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  • Writer's pictureBrittany Cook

What's In A Name?

The steps transgender individuals need to take to change legal names on accounts and estate planning documents.


Transgender individuals endure numerous challenges on their way to living life as their true, full selves. On top of massive societal, familial, emotional, personal, and medical hurdles, they also face the practical hurdle of changing their legal name across dozens of official documents and accounts. That process, as many discover, involves a lot of work and even some mystery, as it is often unclear what is required and where to begin.

The importance of correctly changing your legal name

It is imperative that all legal and financial documents use the same, legally recognized name. This includes estate planning and trust documents, which often require multiple steps to update. Errors or inconsistency in these documents can lead to delayed or rejected transactions, possible fees or penalties, and other complications.

With that in mind, here is an overview of the key documents and steps transgender clients should be aware of when changing their name.

Part 1: Updating key state and federal documents

Before a person can update a name anywhere, they must complete a legal name change at the state level. Most states require a court order and charge a fee to change a name. In Pennsylvania, a person must submit a petition to the common pleas court in the county where they reside. Notice of the hearing must be published in two newspapers circulated in the county of residence or the contiguous county. The court may waive the publication requirement and seal records for the applicant’s safety. (54 Pa. Cons. Stat. Ann. § 701.)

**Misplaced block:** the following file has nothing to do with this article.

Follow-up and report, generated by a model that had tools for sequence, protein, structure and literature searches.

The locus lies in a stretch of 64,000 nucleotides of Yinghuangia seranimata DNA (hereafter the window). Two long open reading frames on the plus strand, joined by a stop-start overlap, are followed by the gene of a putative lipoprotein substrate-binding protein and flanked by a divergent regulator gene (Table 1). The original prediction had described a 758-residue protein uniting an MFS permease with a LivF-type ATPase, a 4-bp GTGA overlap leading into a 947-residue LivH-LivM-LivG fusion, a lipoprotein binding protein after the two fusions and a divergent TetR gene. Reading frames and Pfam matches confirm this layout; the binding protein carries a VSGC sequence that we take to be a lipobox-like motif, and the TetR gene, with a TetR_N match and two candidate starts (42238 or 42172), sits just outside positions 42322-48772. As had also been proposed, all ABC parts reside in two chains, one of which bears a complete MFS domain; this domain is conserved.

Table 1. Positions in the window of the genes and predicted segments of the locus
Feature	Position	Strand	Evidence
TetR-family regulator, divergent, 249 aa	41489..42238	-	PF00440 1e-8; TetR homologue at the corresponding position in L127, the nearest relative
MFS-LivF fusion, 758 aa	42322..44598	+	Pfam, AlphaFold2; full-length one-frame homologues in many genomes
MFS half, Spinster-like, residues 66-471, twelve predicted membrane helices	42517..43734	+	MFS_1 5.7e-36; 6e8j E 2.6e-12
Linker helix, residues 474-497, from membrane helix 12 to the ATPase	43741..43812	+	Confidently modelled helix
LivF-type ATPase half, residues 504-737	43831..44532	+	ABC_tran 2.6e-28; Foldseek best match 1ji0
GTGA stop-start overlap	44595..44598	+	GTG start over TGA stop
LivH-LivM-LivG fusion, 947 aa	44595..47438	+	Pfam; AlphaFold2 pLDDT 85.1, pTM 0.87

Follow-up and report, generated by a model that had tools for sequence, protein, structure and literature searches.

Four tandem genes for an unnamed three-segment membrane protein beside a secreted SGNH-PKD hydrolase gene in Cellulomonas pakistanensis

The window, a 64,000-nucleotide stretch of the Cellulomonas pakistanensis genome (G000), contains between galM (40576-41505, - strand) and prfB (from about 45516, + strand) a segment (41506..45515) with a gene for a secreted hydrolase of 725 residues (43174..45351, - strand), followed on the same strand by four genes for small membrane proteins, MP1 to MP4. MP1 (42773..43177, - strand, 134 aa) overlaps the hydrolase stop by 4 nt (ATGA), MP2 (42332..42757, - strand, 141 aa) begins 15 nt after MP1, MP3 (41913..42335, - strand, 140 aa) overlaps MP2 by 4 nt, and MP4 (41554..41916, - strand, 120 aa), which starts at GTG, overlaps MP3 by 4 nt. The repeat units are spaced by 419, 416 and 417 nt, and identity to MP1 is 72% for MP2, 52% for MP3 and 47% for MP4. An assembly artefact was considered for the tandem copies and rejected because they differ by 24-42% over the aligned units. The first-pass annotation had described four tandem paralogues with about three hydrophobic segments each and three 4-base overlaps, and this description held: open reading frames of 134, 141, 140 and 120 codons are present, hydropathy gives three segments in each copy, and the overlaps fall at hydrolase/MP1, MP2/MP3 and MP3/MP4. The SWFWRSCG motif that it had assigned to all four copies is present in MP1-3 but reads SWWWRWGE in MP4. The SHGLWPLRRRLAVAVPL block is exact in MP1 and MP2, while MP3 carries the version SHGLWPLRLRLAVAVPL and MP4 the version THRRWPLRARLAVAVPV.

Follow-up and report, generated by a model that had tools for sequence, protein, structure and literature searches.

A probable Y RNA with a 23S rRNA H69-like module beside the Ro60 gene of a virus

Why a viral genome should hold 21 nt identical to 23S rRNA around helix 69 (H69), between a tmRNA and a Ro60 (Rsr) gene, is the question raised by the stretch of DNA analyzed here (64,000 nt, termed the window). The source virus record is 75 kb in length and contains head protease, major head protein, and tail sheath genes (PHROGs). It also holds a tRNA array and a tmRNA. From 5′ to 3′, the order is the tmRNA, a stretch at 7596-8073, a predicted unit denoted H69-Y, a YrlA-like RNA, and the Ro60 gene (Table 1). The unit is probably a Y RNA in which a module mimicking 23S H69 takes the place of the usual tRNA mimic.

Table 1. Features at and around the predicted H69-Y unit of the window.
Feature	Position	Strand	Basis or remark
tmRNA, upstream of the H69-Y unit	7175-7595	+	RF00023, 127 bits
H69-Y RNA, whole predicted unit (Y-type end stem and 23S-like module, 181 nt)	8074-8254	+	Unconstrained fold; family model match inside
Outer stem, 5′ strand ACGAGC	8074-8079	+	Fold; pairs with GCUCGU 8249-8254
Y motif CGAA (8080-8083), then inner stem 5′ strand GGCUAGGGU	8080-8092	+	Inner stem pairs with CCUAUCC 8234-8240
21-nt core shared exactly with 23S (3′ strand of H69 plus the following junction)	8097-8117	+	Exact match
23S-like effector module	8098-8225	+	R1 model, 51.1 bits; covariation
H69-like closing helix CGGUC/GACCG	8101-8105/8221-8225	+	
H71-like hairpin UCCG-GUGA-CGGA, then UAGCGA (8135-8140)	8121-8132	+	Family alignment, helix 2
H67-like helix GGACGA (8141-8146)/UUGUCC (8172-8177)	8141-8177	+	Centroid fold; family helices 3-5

The rules are nuanced in every state, so it is important to know and follow the specific requirements that apply to the client. The National Center for Transgender Equality provides a helpful breakdown of the requirements in each state. If a state requires a court order, be sure to ask for multiple certified copies of it, as there are many steps in the process that will require one.

Once the client receives the certified copies of the court order, she must submit a copy to the Social Security Administration to receive a new Social Security Card. Just like people who change their names when they get married, transgender individuals must go in person to the Social Security Administration to change their name. They should be aware that the Social Security Administration is not the fastest, so their timeline for processing a name change may overlap with other activities that involve a legal name, like filing taxes. If your client is filing an individual income tax return and has not yet received confirmation of the name change from the Social Security Administration, he should file using his former name. The client should speak with a CPA at the time of filing to make sure this is navigated correctly.